According to a Bloomberg report, Sheikh Muhammad Taqi Usmani, president of the Bahrain-based Islamic Financial Institutions Accounting and Auditing Organization (AAOIFI), declared that 80% to 85% of the issued Sukuk did not conform to Sharee’ah.

However, as mentioned earlier, corruption and its infested claws have reached every capillary in the human world, and thus to gain the respect of religion and seduce the uninformed Muslim and, of course, the partially tempted Muslim Islamic approval purchased by dishonest and immoral, shady ‘scholars’. According to a BBC report, revealed a Dubai-based investment bank that the same products offered in conventional banks and businesses are created, but in order to be Sharee’ah compliant, the banks continue to try their luck with Islamic scholars by calling them one after the other until eventually adhering to the easy income in the form of a beautiful bribe and sells his services that include, the glowing fatwa (stamp of Sharee’ah approval).

Even the method of getting approval is not an example of ingenuity, as are the products. Getting approval through bribery in the financial market has been around for a long time. You can draw a parallel to the way investment banks bribe rating agencies to assign their conventional bonds with a triple A rating.

As a result, the same conventional banking products, albeit with a new cloth of Arabic terminology and religious sanction, are sold in support of millions of this fresh, unexplored sector of the Muslim population, with the endorsement of this ‘legal’ deception. access prior to this imitative battle.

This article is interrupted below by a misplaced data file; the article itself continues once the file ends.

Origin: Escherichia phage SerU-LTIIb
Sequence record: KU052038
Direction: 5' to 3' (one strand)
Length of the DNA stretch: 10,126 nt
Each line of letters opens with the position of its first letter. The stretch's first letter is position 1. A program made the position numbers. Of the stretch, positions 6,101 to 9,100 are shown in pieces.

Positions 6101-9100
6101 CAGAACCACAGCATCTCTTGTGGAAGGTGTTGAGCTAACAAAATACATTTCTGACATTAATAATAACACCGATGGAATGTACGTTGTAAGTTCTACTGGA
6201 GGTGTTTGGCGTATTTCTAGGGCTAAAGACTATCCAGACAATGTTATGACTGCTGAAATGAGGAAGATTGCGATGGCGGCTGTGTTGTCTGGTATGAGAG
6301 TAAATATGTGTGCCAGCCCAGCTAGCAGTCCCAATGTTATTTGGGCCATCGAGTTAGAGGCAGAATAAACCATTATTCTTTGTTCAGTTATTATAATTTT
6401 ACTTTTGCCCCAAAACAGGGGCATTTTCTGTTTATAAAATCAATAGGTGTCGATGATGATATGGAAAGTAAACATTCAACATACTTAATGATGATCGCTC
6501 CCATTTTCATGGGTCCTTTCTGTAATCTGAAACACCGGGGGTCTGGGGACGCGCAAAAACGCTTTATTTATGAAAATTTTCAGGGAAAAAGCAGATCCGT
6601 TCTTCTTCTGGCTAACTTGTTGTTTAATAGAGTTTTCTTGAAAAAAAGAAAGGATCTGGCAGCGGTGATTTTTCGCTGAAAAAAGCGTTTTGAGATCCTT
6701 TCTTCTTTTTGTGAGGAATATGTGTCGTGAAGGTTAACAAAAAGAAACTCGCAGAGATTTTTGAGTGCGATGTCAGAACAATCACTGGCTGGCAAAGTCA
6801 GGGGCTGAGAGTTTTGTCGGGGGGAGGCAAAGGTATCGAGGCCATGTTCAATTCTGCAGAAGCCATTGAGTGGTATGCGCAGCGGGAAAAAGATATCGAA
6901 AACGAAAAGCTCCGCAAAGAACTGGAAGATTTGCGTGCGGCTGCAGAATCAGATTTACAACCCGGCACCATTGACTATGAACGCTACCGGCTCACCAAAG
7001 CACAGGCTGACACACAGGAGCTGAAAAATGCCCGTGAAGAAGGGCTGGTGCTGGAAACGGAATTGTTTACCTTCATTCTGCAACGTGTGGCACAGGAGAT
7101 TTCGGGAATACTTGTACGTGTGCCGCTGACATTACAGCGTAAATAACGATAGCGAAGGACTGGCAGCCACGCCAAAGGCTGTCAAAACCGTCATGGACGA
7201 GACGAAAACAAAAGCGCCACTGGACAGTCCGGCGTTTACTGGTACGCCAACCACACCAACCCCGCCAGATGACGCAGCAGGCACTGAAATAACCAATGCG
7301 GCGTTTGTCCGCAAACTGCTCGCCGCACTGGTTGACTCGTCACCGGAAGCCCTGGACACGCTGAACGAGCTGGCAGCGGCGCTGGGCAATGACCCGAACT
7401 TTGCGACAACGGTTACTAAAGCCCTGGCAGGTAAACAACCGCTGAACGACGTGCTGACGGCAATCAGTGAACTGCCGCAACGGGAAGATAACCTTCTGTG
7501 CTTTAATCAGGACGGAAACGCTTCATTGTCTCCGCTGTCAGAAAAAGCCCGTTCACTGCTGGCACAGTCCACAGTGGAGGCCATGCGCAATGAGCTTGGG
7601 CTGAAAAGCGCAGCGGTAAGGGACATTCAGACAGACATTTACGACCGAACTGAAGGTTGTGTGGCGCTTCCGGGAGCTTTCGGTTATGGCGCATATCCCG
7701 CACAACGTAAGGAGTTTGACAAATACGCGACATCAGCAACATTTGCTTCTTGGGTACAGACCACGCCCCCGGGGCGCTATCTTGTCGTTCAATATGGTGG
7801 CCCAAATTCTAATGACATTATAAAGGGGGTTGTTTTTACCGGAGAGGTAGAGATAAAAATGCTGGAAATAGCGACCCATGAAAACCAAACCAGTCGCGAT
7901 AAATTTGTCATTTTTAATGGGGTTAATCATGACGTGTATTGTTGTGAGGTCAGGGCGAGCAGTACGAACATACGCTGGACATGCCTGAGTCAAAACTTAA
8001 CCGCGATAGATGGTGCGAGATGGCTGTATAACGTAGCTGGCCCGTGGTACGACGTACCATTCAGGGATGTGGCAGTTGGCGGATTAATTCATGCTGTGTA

Nevertheless, everything is not gloomy. What still remains with us is of great importance, and that is freedom of choice.

Times are tough, we have to go tiptop to protect ourselves from being victims of lure of easy money, yet we have the independence to make our decision, whether to give in to the materialistic world or honor our sense of conscientiousness.

We will be obsessed with fraud and deception every step of the way, whether exploiting ourselves in a disguise of religious holiness or through another agency that appeals to our sense of entitlement and values. But again, in essence, we have been willed with the faculty of thought, analysis and making calculated decisions. What decisions we make will determine who we are as individuals.

The Panama Papers incident should make us question whether today’s ‘influential’ public figures succeeded in earning respect for themselves through their system of making money. It should serve as a reminder, and what we should ask ourselves before giving ourselves ways to generate easy money is: whether it will really make us more influential or not? Whether making money through someone else’s hard work actually accounts for something or not? Whether there is influence without values, without honesty, without honor and integrity? Whether influence is really directly proportional to the accumulation of wealth?